Mid-week F.A.P.: Tomb Raider

Tomb Raider

After seeing Pacific Rim over the weekend I ended up having a conversation with a friend about the dialogue in the film. It was agreed that the dialogue was so terrible that the only way it could have been absorbed without being greeted with laughter and disgust is if Patrick Stewart – the only man able to deliver cheesy lines in Star Trek and X-Men and still be taken seriously – had spoken all the lines.

This lead to an idea for a new film called Patrick Rim, in which Patrick Stewart played all of the roles in the film (including the robots). It was punctuated by my describing a scene in which Patrick Stewart, donning a black and blue wig, would gaze disbelievingly and longingly at a muscular version of Patrick Stewart through an eye hole in a door.

Now that is a film that I would go and see.

This week’s F.A.P.: Crystal Dynamic’s second reboot of Tomb Raider.

This instalment is my favourite of the Uncharted franchise. The combat has vastly improved, with the aiming feeling correct with all the weapons. The platforming, what little of it there is, feels more responsive. The shoddy ‘push forward and press a button’ moments are still there and still utterly dull but at least the horrifically linear outings in Nathan Drake’s previous games have now been replaced by some allusions towards exploration with open areas and the ability to go back and explore any previous level like a Metroid game.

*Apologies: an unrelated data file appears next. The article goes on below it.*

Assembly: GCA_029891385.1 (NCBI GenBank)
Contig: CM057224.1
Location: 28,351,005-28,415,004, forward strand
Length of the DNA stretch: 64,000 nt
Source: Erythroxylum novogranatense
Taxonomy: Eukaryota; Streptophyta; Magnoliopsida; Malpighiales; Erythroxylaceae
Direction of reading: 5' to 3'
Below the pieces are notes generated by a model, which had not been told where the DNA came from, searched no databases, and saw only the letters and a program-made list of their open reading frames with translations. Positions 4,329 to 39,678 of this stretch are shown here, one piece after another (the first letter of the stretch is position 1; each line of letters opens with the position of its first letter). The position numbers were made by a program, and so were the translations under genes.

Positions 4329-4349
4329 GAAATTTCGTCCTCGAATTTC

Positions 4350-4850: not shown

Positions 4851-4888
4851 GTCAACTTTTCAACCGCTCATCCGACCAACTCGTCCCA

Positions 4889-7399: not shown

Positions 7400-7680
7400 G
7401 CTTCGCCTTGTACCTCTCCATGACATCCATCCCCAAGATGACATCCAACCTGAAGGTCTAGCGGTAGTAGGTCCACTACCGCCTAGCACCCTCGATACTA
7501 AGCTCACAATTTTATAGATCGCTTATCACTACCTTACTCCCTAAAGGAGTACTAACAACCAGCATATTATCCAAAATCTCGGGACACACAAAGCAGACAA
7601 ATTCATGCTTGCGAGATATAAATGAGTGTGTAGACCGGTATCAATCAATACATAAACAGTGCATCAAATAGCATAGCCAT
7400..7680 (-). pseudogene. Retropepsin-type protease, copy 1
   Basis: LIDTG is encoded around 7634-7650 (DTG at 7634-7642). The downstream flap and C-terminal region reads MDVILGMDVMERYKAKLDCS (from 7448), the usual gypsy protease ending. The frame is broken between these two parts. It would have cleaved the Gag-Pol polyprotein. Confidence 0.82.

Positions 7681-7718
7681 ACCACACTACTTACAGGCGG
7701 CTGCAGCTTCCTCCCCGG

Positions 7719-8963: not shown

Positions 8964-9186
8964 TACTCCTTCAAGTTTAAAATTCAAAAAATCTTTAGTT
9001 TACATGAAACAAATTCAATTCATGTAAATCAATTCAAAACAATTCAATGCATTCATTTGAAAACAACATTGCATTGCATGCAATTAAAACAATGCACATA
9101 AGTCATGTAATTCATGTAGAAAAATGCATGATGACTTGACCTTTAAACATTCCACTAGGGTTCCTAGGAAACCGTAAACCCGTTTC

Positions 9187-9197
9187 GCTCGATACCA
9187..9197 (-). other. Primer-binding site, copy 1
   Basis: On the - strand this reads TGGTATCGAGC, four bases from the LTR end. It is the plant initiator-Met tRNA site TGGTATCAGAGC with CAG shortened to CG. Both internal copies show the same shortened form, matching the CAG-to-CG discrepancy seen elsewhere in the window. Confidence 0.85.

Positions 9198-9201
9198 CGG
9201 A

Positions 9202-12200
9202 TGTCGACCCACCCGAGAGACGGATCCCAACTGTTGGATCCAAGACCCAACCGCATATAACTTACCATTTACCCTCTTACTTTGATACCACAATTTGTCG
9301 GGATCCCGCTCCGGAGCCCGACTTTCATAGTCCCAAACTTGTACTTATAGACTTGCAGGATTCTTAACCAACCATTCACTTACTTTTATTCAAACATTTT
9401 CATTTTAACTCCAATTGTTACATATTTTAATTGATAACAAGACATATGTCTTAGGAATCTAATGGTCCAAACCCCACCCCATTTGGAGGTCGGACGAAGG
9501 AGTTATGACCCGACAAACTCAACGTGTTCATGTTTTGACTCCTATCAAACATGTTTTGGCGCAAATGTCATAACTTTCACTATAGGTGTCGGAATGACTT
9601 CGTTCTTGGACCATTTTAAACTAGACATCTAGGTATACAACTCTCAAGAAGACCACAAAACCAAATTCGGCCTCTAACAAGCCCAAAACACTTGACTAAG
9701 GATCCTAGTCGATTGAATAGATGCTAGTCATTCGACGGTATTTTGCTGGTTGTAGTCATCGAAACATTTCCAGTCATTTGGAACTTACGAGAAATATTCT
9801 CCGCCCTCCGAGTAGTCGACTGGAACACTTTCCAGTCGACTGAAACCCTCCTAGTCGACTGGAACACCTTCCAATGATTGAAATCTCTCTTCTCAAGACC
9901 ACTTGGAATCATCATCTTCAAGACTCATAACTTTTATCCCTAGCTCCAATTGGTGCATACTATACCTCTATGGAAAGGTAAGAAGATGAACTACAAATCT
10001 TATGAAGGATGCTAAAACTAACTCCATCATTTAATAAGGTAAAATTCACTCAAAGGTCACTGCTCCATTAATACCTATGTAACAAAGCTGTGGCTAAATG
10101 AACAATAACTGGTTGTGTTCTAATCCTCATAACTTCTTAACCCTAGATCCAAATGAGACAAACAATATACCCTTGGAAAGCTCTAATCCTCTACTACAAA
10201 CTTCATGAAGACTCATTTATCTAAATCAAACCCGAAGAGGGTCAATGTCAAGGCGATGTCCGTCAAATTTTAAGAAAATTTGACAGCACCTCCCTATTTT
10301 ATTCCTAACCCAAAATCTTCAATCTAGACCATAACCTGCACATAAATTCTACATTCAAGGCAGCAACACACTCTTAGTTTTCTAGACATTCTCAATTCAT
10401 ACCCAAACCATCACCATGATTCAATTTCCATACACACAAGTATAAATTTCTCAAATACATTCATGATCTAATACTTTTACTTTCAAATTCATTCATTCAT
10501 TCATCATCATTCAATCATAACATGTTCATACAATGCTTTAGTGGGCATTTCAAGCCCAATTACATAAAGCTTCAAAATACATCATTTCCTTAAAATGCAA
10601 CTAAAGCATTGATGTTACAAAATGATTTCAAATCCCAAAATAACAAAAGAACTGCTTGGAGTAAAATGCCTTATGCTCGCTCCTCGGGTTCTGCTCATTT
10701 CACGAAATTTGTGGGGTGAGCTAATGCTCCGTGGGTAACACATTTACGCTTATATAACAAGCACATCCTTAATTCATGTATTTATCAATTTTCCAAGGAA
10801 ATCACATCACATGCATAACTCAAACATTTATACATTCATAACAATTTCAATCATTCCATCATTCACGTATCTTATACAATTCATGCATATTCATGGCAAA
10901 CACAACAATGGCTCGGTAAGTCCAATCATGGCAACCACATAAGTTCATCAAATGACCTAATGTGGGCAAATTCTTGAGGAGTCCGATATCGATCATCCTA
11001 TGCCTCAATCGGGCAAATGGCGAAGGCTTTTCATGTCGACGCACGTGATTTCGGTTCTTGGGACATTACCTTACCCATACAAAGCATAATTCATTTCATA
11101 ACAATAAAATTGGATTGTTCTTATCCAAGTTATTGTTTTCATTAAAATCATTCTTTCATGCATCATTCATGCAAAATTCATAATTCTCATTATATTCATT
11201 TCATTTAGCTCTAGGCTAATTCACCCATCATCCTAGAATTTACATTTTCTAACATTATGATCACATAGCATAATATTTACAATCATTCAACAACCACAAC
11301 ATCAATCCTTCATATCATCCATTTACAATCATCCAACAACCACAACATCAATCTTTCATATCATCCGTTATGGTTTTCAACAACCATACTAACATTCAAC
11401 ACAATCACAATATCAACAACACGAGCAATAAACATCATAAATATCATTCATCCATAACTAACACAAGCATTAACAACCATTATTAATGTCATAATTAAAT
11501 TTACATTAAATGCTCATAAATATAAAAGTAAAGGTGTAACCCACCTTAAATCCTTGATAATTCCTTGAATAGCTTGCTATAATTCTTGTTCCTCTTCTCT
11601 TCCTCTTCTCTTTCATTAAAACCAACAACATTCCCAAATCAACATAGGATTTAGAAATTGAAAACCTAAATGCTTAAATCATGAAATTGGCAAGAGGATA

The story is still a bit piss-poor in places; think of  it as The Next Karate Kid to the original Karate Kid movies but with less Hilary Swank and you should get along with it fine.

The camera feels more restrictive; it is as if the developer was trying to mimic the original Resident Evil games in forcing you to look at what the developer wanted you to see and not allowing you to discover it for yourself. This limits some of the experience as the already-limited player agency is reduced almost to zero in some areas.

My main disappointment is that the already overly easy puzzles in Uncharted have been neutered to the point of non-existence. The only real puzzles are consigned to optional caves and only take about five minutes to complete.

Still, a new Tomb Raider has been announced. I am hoping that might show Naughty Dog how tired, broken and tedious this formula has become and, if TR is popular enough, the next Uncharted might swing in a new, fun direction.

Fingers crossed.